three-roses-vowsThe Constitution and Directory that describe our way of life as Sisters of Charity of New York contain much wisdom. These documents remind us: “As we seek to grow in freedom and love through the vows, we recognize that our vision and our ideals are always in tension with our human frailty. With the gifts and limitations of our human condition, we entrust ourselves to God, relying on the faithfulness of the One who calls us.” (SC Directory, “Our Vowed Life”, p. 7)




Around December 8 each year, in these or similar words, each professed Sister of Charity recalls the meaning of the vows she made:

I renew my vow of poverty, seeking to live simply,
to be satisfied with what is enough,
recognizing that all I have is gift,
sharing responsibility for the resources of the Congregation,
in a spirit of interdependence.

I renew my vow of celibate chastity,
seeking to deepen my capacity to love freely and widely,
to give and receive reverently in a relationship of mutuality,
to foster community and communion
for the sake of the mission.

I renew my vow of obedience, seeking to listen attentively
to God’s revelation in each person and event of life,
to attend to those entrusted with authority,
to discern the truth in responsible dialogue
and to respond in fidelity to the Spirit.

I renew these vows, desiring with all my heart
to embody Charity with perseverance and passion.

Our Associates also renew their commitment:

I renew my commitment as an Associate in mission
with the Sisters of Charity of New York.
I share in the ongoing mission of Jesus.
I commit myself to service
with and for all in need, especially those who live in poverty.



What do the vows mean to today’s Sisters? Following are two reflections:

I was 21 years old when I first pronounced the vows of poverty, celibate chastity and obedience. And didn’t I think I was something special! Now, having lived as a vowed Sister of Charity for fifty years — as well as a woman, a Catholic Christian, a citizen of the world and a part of the community of Earth — I know I’ve come to a deeper, fuller, and wider understanding of the meaning of the vows.

Life keeps teaching me to make peace with my limits. There’s so much that I wish I could do or be or accomplish, but can’t. That certainly wasn’t my perspective as a starry-eyed 21-year-old, but now I understand that it’s one of the lessons of being human — and my vows help me to embrace it.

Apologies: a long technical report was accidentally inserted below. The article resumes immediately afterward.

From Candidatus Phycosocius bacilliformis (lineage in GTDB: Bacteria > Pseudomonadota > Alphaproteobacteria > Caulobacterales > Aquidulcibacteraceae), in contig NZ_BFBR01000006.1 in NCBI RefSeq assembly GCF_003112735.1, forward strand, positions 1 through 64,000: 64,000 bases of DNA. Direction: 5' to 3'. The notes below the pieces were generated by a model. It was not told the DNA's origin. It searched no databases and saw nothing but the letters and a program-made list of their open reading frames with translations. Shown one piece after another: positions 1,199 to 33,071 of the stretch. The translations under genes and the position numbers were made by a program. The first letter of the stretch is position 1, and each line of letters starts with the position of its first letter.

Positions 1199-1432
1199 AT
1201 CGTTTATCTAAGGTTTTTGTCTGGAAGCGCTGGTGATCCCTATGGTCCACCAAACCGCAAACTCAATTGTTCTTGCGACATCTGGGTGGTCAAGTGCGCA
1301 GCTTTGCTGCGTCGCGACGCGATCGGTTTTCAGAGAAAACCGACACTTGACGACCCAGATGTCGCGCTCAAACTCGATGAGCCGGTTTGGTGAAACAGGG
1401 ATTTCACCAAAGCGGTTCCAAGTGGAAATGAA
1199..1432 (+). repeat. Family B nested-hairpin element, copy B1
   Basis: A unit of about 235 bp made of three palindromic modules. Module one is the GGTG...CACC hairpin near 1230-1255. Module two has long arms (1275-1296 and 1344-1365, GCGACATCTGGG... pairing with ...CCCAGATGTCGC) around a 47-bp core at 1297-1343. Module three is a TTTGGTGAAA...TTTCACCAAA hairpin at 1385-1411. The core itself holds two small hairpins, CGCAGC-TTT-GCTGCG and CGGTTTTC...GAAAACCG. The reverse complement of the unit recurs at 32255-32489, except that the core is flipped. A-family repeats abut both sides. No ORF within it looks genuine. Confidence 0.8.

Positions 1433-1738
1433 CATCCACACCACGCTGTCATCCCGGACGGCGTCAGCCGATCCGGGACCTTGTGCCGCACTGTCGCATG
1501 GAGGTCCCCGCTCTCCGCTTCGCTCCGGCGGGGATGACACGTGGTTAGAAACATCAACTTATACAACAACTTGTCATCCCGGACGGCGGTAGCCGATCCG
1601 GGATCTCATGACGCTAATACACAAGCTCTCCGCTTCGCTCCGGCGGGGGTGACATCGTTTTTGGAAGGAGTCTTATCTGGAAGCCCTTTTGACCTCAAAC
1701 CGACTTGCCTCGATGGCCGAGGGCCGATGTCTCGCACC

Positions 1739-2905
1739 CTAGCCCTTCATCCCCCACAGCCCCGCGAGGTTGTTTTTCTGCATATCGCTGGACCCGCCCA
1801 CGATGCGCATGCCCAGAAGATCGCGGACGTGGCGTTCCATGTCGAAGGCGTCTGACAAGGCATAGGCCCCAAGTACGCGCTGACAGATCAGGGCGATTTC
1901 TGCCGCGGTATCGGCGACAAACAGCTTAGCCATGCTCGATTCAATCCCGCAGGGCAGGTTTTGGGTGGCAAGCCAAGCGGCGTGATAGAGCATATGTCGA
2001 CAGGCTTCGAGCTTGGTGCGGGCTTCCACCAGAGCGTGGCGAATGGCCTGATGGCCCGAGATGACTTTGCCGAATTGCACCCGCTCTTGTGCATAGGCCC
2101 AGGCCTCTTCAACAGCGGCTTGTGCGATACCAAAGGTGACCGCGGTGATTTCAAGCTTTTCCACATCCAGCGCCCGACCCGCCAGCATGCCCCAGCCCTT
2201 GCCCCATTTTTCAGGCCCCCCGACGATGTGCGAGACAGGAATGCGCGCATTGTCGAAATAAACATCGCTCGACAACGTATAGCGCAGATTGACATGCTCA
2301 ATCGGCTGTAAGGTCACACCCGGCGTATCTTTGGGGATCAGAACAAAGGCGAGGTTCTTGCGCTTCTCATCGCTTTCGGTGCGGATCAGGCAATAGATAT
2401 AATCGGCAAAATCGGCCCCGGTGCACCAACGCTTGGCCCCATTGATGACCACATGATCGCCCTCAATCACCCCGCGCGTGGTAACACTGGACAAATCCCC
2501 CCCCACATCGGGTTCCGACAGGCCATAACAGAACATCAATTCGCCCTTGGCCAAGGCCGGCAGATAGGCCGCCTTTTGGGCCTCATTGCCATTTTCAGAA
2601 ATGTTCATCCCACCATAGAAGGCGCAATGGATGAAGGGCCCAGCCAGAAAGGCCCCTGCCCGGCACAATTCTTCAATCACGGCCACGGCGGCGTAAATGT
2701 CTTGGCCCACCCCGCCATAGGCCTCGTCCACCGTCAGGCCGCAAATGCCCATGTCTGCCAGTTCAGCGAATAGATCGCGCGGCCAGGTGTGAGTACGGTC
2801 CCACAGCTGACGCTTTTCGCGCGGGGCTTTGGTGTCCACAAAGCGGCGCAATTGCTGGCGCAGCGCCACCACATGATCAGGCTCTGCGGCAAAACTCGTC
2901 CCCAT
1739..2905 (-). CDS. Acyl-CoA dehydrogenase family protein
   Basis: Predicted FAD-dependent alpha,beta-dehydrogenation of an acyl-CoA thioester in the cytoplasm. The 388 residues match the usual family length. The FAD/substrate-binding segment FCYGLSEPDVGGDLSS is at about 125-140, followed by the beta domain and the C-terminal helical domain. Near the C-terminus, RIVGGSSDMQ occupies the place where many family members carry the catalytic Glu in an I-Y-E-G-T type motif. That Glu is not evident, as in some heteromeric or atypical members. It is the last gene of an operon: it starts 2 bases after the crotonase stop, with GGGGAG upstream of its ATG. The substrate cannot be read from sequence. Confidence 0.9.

The vows of poverty, celibate chastity, and obedience keep me focused on the mystery of being human, and the mystery of a God who alone is enough.

Poverty: There are so many people, so many worthy causes, so many injustices and imbalances, so many needs that cry out for attention, so many broken people and places that beg for mending and tending. There’s no shame in saying, “I can’t, but You can.” When I accept the poverty of my limits, I acknowledge that only God is God, who will give me all I need.

Celibate chastity: I’m constantly called to love more deeply, freely, with no strings attached — to love not just those I’m drawn to, but those I find more prickly. Above all I’m called to love those shunned by the rest of society. My ability to love, like my talents, is a gift from the One who loves me beyond imagining, the One who impels me to share that overflowing love with all.

Obedience: Life (especially life with my Sisters in community) keeps teaching me that my way, my will, isn’t the center of the universe. Neither is any other human being or institution. In the great give-and-take adventure of living, none of us ever sees the whole picture. Obedience moves me to place my trust in God, whose sole will and desire is for life to the full, for me and for all that exists. When I renew my vows this year, I pray to recall that, as the great theologian Karl Rahner once said, here in this life, all symphonies remain unfinished. I pray that I may keep discovering the unique grace of what is not-yet-finished, the unique beauty of what is still in process — even if that’s me, even if that’s others, even if that’s our aching world. The vows remind all of us: “The best is yet to come!”

–Sr. Regina Bechtle


To be quite honest, I do not consciously think of the vows very often. They are somewhat like a GPS (Global Positioning System) in a car, always running silently in the background, there to provide direction and guidance when I need reassurance that I am still heading in the right direction. When I discover that I or things around me have changed or the environment becomes unfamiliar, they are there to “reroute” me. It is at these times that I pay attention to the new meaning of poverty, chastity and obedience in my life.

–Sr. Donna Dodge